Colorado Parks and Wildlife expands 'Public Access Program'
PAP now includes nearly one million acres, fulfilling CPW’s goal to double the size of the program
GRAND JUNCTION – At its meeting in Grand Junction on May 5, the Colorado Parks & Wildlife Commission unanimously approved the enrollment of 199,000 acres into the Public Access Program for the fall 2021 hunting season, bringing the program to a total of 973,000 acres. This expansion fulfills Governor Polis' 2019 “Wildly Important Goal” to double the amount of publicly accessible trust land enrolled in the PAP: from 478,000 (2018) to 973,000 acres (2021).
The Public Access Program provides limited, seasonal hunting and fishing opportunities on Colorado trust land across the state.
“Colorado is known for our incredible natural beauty, and I ran for Governor with a promise to expand access and enjoyment of our treasured state and federal land, and now we are delivering on that promise in a million ways,” Gov. Jared Polis said. “CPW’s Public Access Program for sportsmen and women is growing just in time for the upcoming 2021 hunting, outdoor recreation, and bird watching season. I appreciate the collaboration and cooperation from the agriculture community as Colorado sees increased demand for recreational hunting and angling access. I am also proud that CPW and the State Land Board have worked closely together to achieve our goal to double the amount of land accessible to Coloradans in the Public Access Program. At now nearly 1 million acres, the Public Access Program is one of several opportunities through which hunters, anglers, and outdoor enthusiasts can enjoy our vast great outdoors. Being able to spread our recreational activities across more land is not only more fun, but also more sustainable and healthy for our ecosystems.”
Locations of the new lands enrolled in the Public Access Program for fall 2021’s hunting season will be announced with the release of the 2021 Colorado Recreational Lands Brochure later this year.
"I congratulate the Parks and Wildlife Commission and the State Land Board for expanding access to Colorado state lands,” said Dan Gibbs, Executive Director of the Department of Natural Resources. “The expansion of the Public Access Program passed by CPW and the State Land Board doubles the program in only three years, from less than 500,000 acres to nearly one million acres. In the coming years, Governor Polis and the Department of Natural Resources will continue to seek additional access opportunities to encourage Coloradans to experience, explore and enjoy the outdoors.”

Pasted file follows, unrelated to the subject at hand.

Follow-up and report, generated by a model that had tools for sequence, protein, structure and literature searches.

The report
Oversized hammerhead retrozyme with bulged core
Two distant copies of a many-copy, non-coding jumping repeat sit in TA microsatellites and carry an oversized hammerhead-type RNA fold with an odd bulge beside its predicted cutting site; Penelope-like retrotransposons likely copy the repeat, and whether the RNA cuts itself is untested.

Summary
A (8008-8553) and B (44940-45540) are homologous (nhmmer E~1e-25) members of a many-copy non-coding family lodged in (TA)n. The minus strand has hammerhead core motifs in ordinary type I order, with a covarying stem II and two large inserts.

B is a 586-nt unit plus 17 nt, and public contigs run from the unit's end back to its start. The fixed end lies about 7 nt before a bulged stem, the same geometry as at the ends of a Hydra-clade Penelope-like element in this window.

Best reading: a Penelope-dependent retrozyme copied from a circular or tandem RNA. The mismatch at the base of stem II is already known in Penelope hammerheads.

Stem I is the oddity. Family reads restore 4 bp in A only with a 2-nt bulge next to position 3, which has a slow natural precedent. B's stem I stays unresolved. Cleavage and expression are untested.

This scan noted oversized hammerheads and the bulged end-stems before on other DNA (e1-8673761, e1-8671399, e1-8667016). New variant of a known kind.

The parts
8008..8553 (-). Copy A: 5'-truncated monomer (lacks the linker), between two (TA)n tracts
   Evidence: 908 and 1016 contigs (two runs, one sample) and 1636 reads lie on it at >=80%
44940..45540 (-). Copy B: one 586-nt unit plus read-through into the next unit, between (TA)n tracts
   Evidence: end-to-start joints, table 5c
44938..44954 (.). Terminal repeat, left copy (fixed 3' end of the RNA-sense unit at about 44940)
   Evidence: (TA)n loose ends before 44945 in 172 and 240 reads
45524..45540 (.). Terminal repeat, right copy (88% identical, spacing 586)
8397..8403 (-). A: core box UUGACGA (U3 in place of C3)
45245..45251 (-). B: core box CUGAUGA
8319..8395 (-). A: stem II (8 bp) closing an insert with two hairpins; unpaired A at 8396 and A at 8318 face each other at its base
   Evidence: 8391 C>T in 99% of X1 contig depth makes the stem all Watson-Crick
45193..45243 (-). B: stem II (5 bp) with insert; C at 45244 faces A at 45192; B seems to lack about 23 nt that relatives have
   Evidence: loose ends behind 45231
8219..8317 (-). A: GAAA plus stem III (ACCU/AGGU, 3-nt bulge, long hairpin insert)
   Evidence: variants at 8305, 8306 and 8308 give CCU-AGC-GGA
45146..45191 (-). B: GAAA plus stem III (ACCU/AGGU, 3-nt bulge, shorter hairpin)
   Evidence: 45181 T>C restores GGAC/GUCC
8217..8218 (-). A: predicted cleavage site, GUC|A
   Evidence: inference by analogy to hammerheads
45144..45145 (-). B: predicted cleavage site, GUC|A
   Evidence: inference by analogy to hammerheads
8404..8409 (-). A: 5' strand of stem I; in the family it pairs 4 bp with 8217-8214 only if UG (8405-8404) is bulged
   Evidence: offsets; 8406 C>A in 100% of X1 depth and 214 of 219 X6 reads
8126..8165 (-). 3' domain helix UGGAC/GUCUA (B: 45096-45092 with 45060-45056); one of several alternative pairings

The vote was the final step in a multi-year effort to grow the Public Access Program to nearly 1 million acres.
Last year, CPW enrolled lands in the plains of Eastern Colorado where bird hunting and small game hunting are popular to provide a broader array of opportunities on state trust lands. Before that, the majority of public access was located in Northwestern Colorado where there is prime big game hunting. To further expand the geography and hunting opportunities available on properties enrolled in the Public Access Program, the newly enrolled 199,000 acres are from 69 trust land properties located across the state that range in size from single 640-acre sections of land to 10,000-acre properties.
Public access for wildlife-related recreation on state trust lands is made possible through the Public Access Program, a lease agreement between the State Land Board and CPW. CPW is funding the expansion of the program through hunting and fishing license fees made available through the ‘Future Generations Act’ approved by the Colorado General Assembly in 2018.
“I’m thrilled that hunters and anglers will have more access to state trust lands in Colorado this season,” said Dan Prenzlow, CPW Director. “Hunters and anglers are a critical foundation to wildlife conservation. They make significant contributions to our local economy, especially rural economies. It’s an added benefit that our Public Access Program helps fund Colorado school kids.”
Three million acres of land in Colorado have been held in a trust since statehood in 1876 for the purpose of funding public schools. The State Land Board generates revenue from these state trust lands by leasing the land for a variety of purposes, including hunting and recreation. Leasing of state trust lands earned $2 billion for Colorado public schools since 2008 and provided the primary funding source for the Department of Education’s Building Excellent Schools Today program.
State trust lands enrolled in the Public Access Program are open to a variety of wildlife-related uses, primarily hunting and fishing. In addition, the State Land Board leases or permits other uses such as agriculture, mining, oil and gas and renewable energy. A total of 1,065,955 trust land acres will now have limited public access. This reflects 38% of the State Land Board's total 2.8 million acres of trust land.
Hunters and anglers are encouraged to be mindful and respectful of other authorized uses on these lands. For hunter safety, wildlife protection and the integrity of the land and other uses, the public must follow the rules and regulations at each property enrolled in the program. Unauthorized activity on state trust lands is subject to enforcement.